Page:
Secure Internet-Facing Web Workloads on Azure Deployment Resources

Secure Internet-Facing Web Workloads on Azure Whitepaper

 

 

-----------Original Post: November, 2016-----------

As customers look to move their applications and data to the public cloud, it is not uncommon to hear questions around traditional data center constructs such as high availability (HA) arise. The question is often times posed as “how do you support HA in AWS or Azure.”  A more cloud-centric way to pose the question would be “do we need HA in the public cloud?”

 

To answer the question, we first need to precisely define what we mean by HA. If the question is, do we need a fully redundant, highly available solution for securing public cloud applications?  Then the answer is definitely yes. But if the question is, do we need PAN-OS stateful HA failover just like we did in the private cloud, then the answer is probably not.

 

The public cloud is all about leveraging shared resources and deploying applications that can survive a failure anywhere in the architecture.  This includes but is not limited to a failure of:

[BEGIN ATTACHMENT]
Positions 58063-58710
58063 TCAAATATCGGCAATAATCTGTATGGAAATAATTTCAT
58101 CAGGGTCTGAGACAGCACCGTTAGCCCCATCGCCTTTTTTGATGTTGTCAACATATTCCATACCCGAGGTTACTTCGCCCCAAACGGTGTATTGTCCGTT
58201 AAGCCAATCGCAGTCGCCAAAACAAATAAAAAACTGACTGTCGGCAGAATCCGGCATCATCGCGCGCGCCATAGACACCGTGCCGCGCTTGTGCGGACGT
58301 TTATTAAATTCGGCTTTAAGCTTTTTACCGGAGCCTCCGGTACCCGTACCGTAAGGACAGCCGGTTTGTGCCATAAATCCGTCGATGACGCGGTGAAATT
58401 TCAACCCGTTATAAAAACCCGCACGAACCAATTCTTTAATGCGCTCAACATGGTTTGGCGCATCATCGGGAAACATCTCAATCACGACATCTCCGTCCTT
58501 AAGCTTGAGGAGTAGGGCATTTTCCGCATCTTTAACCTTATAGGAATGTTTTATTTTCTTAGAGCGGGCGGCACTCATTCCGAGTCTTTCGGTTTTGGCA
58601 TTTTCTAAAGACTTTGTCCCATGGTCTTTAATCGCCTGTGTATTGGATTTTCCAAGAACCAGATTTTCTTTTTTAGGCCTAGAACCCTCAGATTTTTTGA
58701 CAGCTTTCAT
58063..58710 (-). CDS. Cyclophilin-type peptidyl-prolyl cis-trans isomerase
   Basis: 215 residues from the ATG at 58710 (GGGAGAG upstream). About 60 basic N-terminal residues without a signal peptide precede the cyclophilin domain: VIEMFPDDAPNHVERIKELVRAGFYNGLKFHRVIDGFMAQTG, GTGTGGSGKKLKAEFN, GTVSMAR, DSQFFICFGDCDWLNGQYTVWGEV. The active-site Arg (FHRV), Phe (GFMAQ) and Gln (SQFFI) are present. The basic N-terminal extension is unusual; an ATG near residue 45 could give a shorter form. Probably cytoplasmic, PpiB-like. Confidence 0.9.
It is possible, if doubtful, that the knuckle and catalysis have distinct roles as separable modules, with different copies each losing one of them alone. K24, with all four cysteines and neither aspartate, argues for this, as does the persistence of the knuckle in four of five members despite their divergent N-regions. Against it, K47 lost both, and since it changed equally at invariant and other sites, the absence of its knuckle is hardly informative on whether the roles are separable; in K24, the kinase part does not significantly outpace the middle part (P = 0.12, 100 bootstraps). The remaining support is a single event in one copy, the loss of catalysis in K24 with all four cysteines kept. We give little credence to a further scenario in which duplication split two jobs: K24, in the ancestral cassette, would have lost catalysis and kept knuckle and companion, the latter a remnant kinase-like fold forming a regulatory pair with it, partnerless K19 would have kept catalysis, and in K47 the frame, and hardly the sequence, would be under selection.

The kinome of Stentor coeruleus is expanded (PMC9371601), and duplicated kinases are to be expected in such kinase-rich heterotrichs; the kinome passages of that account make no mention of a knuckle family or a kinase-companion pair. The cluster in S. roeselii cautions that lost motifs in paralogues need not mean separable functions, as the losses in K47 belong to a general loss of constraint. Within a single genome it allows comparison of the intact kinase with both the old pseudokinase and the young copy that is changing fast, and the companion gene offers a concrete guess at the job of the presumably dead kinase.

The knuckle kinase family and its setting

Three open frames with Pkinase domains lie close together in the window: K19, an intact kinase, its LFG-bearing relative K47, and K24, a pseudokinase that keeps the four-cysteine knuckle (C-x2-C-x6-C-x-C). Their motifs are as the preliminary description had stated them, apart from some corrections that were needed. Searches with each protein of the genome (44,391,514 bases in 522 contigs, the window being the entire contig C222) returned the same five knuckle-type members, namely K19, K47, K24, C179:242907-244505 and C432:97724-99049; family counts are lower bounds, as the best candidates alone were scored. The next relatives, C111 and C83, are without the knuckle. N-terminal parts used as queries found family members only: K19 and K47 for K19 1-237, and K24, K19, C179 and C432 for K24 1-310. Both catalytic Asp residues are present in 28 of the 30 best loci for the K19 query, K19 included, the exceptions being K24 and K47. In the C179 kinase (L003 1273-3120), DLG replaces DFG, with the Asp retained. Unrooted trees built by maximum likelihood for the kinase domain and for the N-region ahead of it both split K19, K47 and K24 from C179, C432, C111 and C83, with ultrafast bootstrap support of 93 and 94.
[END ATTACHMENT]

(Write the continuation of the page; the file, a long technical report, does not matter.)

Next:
• a virtual router
  • a virtual firewall
  • a network switch
  • an application instance
  • a load balancer instance
  • an availability zone failure
  • even the failure of an entire region

 

Customers are probably using dozens or even hundreds of applications on your laptop, tablet, and smartphone that use infrastructure that has had a failure of some type.  And 99% of the time, they have no idea it happened.  Some load balancer or switch or routing process bypassed the failure and the application silently tried again with little or no interruption to the user. So the focus for integrating our VM-Series firewall security into public cloud application should be on native cloud services like auto scaling groups, elastic load balancing, routing, etc and not on PAN-OS HA.

 

The VM-Series does support HA for AWS but it generally isn't needed if the customer uses the public cloud migration as an opportunity to update their applications to take advantage of native cloud services to build a resilient architecture that maximizes uptime. Many customers will begin their migration to the public cloud adhering to a traditional data center hardware requirements list (redundant switches, routers, firewalls, etc) which may limit the ability to leverage the power of the cloud. Using the requirement for redundancy as the driver, and then leveraging the cloud o achieve it will allow customers to: a) improve application uptime and b) reduce costs.  I know this isn't always possible but the try to leave that baggage behind.